Echoes From the Campfire

In Flanders Fields
By: Lieutenant Colonel John McCrae, MD (1872-1918)
Canadian Army

In Flanders Fields the poppies blow
Between the crosses row on row,
That mark our place; and in the sky
The larks, still bravely singing, fly
Scarce heard amid the guns below.

We are the Dead. Short days ago
We lived, felt dawn, saw sunset glow,
Loved and were loved, and now we lie
In Flanders fields.

Take up our quarrel with the foe:
To you from failing hands we throw
The torch; be yours to hold it high.
If ye break faith with us who die
We shall not sleep, though poppies grow
In Flanders fields.

It was called the Great War; the War to end all wars, but now commonly referred to as World War I. It also marked the beginning of the nationalization of the Tomb of the Unknown Soldier (though a few years later). If you have ever been to Gettysburg there are many makers there that simply read “Unknown” so the “Tomb” symbolizes and represents all of those in America who died “known only to God.”
This is my traditional note on Veterans Day. Don’t skip over the lines, but take time to read them; get them into your heart, mind, and soul. Understand the tremendous cost of those valiant ones who lay beneath the sod.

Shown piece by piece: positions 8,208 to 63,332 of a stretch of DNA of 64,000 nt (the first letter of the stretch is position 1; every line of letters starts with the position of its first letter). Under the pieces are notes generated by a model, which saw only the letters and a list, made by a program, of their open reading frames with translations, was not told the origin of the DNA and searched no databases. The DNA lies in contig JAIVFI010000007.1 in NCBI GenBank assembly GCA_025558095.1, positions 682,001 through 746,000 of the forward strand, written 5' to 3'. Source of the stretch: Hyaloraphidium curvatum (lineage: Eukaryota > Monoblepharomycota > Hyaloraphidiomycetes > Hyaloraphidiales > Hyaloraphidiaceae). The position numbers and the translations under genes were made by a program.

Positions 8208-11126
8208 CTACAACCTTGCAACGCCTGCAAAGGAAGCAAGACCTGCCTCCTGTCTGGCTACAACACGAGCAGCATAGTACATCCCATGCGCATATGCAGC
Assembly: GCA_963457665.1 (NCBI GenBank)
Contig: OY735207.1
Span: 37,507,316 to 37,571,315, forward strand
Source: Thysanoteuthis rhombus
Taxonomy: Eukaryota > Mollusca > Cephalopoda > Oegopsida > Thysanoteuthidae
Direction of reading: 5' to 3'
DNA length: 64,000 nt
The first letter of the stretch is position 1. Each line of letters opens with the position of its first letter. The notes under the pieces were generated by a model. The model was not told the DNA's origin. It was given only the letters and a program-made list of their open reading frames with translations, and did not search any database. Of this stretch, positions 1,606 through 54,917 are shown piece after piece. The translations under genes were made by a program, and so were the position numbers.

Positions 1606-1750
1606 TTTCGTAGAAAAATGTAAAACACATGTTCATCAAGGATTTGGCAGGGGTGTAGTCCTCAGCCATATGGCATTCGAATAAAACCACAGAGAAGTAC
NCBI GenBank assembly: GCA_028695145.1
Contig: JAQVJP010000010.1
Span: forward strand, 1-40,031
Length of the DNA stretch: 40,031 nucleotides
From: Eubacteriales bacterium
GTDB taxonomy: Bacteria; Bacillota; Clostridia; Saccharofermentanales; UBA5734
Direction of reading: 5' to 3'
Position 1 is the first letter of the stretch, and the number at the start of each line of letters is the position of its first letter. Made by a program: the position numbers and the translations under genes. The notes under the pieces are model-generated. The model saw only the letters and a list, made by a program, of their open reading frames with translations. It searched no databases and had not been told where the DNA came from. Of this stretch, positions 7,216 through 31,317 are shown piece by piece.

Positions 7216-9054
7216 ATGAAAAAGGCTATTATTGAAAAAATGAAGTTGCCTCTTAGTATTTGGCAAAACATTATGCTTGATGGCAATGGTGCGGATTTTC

My Grandpa Kenlock F. Jones served in the army during World War I as did his sister Henrietta Jones. My Grandpa Adkisson tried to enlist and they told him he was too young. He and a friend went, got tattoos, and went to another town to enlist. Guess what? They saw through the ruse and told him that he was still too young.
One story on my Dad during World War II. I think it was in the Philippines that Dad hurt his finger. The doctor worked on it; there was a war going on so he had to get back in the action. They “fixed” his finger, so that it could never straighten fully, but it had movement so he could pull a trigger.
Just a few notes on Veterans Day. Take time to thank a Vet!